I always enjoy baking breads. French baguettes and Italian ciabattas; hard kaiser rolls and soft hamburger buns; whole wheat and sour rye; corn breads, cheese breads, and nut breads … There’s a world of interesting breads to play around with. The kind of bread I bake most often, however, is none of the above: It’s plain American white bread.
Joy of Cooking’s White Bread Plus has nourished my household for decades, ever since I first learned to cook. Irma Rombauer’s recipe is the basis for all my breakfast toast, lunch sandwiches, dinner canapés, and stuffings that require fresh bread crumbs. The bread is always delicious. The recipe makes three loaves, two of which always go straight into the freezer, and when we finish the third one I bake some more. Here’s the most recent batch:
I’ve occasionally tried other sandwich bread recipes – Bernard Clayton’s Complete Book of Breads has a decent one, and the booklet that came with my Magimix food processor has a good pan de mie recipe that I’ve written about here – but none has tempted me to abandon my ever-reliable White Bread Plus.
Still, one needs to keep checking, so this week I made Nick Malgieri’s Golden Sandwich Bread, described as “in the spirit of a brioche loaf but much less rich,” in his Bread, a book I received for Christmas (along with its companion volume, Bake, from which I recently made his focaccia.).
The book is essentially a primer on making many kinds of breads, with lots of explanations, photos, and detailed instructions, plus recipes that use bread as an ingredient. Nick’s techniques for mixing and shaping his sandwich bread are different from the ones I use with Irma’s bread, and I was curious to see what I might learn from him. (Excuse the first-name familiarity; I can’t claim personal acquaintance with either author.)
The first thing I learned is that he’s very explicit – not to say fussy – about everything. You must use bread flour, not all-purpose. You must use fine sea salt, not any other kind, and it must go into the dough at a specified stage of the mixing. You must work the liquids into the flour with a rubber spatula by hand, even though you’re going to knead the bread in a heavy-duty mixer with a dough hook, which could easily blend those ingredients for you. Irma provides alternatives for many of these ingredients and procedures.
His dough is given a pause to rest during the mixing and then is kneaded a little less than hers. The pause seems to be a professional baker’s trick I’ve also seen in bread recipes from Maggie Glezer’s Artisan Baking Across America – a book I very much like, which, however, doesn’t include a plain white sandwich bread.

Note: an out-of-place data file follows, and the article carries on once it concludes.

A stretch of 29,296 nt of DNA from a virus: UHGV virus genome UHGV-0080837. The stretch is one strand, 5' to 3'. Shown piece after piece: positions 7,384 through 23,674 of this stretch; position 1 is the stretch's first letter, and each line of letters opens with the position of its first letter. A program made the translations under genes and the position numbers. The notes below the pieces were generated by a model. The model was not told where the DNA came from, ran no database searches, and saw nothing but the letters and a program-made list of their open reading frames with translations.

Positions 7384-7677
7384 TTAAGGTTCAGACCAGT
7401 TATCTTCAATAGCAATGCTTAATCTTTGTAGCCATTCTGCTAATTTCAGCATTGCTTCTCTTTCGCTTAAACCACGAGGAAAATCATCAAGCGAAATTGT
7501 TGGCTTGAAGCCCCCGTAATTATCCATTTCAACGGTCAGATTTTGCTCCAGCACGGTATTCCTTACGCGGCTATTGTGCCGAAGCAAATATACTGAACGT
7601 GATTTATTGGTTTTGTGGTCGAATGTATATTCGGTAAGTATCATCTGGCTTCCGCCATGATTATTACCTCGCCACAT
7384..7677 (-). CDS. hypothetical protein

The second thing I learned is that Nick must do his baking in an extremely warm kitchen. His dough has three risings (compared to Irma’s two). He says the first two will take 45 minutes each. My first two risings took 1½ hours each. All he says about timing for the third one, when the bread has been shaped into loaves, is “until they have risen about an inch above the rim of the pan.” For me, that was another 1½ hours.
I don’t begrudge him the time as such: Doughs rich in butter, egg, and sugar do take longer to rise. But when a recipe leads you to think you’ll have the loaves ready for the oven in about two hours and it really takes more than four hours, I call that a misleadingly written recipe.
On the positive side, I did like Nick’s technique for shaping loaves. It involves a style of flattening, folding, and rolling that I wasn’t familiar with. I was somewhat abashed, on looking back at Irma’s general section on “kneading, proofing, shaping and baking bread” (to which I hadn’t paid attention in years), to find a description of the exact same procedure. Perhaps I’ll adopt it in future.
Well, I made just one loaf of Nick’s bread for the initial experiment.
It was indeed richer than Irma’s: Per loaf there was much more egg, more sugar, more salt, more yeast, more flour, a bit less butter, and some milk rather than all water. I made it in the specified 9 X 5 inch pan, whereas I usually make Irma’s in slightly narrower pans.
Here the two finished loaves are shown next to their creators:
The crumb of Nick’s bread was somewhat finer than Irma’s. Its color was warmer, no doubt because of the greater amount of egg. The different shapes are partly the result of the different-sized baking pans, but I believe Nick’s loaf should have risen more than it did for me; it wasn’t exactly heavier in texture, but it seemed a bit compressed. There’s no photo of the finished bread in his book, so I can’t tell, but I thought the shape was clumsy.
They’re both excellent-tasting breads. Nick’s is marginally sweeter than Irma’s, but overall they’re quite on a par. I wouldn’t hesitate to serve either one to friends and family. His takes a lot more work, however, and a lot more time – in part because his procedures were new to me, whereas I’ve been making hers for so many years they’ve become second nature. So my regular recipe remains my regular recipe, and I’m perfectly happy with that.
Until I get a chance to try another.